Biosurfactants from Soil Microorganisms as a Possible Detergent Replacement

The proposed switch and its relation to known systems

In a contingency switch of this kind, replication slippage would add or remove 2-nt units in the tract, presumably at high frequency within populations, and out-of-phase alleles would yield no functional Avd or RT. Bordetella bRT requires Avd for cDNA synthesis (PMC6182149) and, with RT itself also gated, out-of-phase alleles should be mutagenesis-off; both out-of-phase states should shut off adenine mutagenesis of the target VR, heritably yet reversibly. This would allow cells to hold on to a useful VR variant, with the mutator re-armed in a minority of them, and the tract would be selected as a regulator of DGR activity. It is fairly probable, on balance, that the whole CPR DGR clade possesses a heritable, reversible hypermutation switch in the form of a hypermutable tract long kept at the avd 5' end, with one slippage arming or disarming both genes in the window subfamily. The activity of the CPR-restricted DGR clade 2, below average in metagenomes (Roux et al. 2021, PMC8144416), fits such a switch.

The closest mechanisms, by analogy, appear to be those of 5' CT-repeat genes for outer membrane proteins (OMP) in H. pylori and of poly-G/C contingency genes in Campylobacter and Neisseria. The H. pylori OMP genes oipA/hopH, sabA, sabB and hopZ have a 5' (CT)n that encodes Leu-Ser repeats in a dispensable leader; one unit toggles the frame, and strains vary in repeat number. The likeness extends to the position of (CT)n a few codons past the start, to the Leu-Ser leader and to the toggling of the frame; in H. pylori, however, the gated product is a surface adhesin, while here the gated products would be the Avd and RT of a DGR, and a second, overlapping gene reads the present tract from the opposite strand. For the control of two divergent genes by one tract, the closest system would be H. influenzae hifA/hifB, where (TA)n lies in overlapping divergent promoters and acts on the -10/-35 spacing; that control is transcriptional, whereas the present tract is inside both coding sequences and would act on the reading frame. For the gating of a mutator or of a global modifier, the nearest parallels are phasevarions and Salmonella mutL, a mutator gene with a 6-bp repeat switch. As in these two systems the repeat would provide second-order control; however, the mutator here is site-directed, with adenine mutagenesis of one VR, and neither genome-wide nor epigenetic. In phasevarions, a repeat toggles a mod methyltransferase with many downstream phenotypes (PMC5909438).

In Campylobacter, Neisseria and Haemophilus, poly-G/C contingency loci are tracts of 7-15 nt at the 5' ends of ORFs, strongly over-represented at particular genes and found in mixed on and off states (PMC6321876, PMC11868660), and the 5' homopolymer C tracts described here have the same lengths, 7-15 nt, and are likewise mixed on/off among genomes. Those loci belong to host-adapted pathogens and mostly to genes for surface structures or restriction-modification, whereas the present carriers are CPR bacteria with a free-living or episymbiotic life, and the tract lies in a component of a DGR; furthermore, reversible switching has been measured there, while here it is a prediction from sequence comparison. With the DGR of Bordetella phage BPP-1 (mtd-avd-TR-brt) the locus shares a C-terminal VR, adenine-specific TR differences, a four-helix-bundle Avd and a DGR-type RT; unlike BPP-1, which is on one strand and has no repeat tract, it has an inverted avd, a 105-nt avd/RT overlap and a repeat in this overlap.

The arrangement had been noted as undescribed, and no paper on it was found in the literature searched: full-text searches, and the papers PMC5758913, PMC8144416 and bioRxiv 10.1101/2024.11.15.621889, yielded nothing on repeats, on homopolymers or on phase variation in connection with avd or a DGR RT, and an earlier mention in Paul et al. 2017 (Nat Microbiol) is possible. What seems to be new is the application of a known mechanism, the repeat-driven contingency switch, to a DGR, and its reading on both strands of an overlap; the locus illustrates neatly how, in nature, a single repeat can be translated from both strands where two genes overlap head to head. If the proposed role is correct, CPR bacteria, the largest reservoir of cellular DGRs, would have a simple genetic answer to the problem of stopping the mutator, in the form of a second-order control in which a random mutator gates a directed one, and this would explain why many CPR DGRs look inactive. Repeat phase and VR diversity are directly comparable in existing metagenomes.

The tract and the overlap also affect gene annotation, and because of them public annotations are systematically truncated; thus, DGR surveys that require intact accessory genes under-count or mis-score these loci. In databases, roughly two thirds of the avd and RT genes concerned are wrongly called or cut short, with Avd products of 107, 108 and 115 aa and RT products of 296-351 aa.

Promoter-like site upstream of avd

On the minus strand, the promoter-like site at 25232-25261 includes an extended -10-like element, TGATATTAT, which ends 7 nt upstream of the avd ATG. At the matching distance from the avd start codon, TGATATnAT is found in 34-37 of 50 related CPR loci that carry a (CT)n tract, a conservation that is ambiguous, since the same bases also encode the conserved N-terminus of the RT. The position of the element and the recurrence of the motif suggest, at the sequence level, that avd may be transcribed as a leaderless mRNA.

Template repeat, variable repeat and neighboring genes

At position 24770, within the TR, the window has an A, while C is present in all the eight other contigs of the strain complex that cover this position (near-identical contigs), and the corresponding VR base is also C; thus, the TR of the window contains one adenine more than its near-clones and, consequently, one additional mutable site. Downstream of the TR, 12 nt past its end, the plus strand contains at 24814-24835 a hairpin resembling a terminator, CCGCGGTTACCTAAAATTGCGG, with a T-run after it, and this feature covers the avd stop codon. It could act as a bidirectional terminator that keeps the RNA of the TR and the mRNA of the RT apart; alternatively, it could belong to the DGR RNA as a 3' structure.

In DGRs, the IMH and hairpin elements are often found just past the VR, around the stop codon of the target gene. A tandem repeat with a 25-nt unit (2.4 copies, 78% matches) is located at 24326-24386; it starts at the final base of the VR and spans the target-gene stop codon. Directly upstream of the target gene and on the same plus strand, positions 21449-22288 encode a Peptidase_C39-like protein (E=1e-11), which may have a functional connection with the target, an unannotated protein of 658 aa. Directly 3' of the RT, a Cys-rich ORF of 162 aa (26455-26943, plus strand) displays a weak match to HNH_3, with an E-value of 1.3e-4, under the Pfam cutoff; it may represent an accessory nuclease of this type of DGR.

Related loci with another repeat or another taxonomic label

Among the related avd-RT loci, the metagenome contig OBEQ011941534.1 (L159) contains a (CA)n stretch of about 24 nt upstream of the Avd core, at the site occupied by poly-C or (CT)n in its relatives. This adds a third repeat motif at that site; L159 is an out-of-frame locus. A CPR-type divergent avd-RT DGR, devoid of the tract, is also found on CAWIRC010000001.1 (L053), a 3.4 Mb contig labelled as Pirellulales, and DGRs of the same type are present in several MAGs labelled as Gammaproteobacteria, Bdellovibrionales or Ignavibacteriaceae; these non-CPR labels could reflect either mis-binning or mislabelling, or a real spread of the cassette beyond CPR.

Biosurfactants belong to the amphiphilic molecules category and are formed by a range of microorganisms. Similar to chemical surfactants, properties of Biosurfactants that make them unique include minimizing the surface and interfacial tensions. Biosurfactants also have Critical Micelle Concentration (CMC) in organic and aqueous solutions. Recent studies confirm the toxic nature of chemically synthesized surfactants and the advantages of biosurfactants prove their potential than commercially artificial counterparts. Rhamnolipids are well-characterized and promising compounds among other biosurfactants. In this study, biosurfactants producing microorganisms were isolated from the soil. The isolated microorganism was identified with different biochemical tests and found to be Pseudomonas aeruginosa. 16s rRNA locus was utilized for DNA bar-coding. Production of biosurfactants was done at shake flask level and 5L lab-scale fermenter using minimal media optimized for high yield. Cell-free supernatant was purified using LLE and biosurfactants characterization was performed on HPTLC and HPLC using standard Rhamnolipids. The isolated biosurfactants were tested to remove common stains and were found effective. This shows the potential of biosurfactants as a Laundry detergent.
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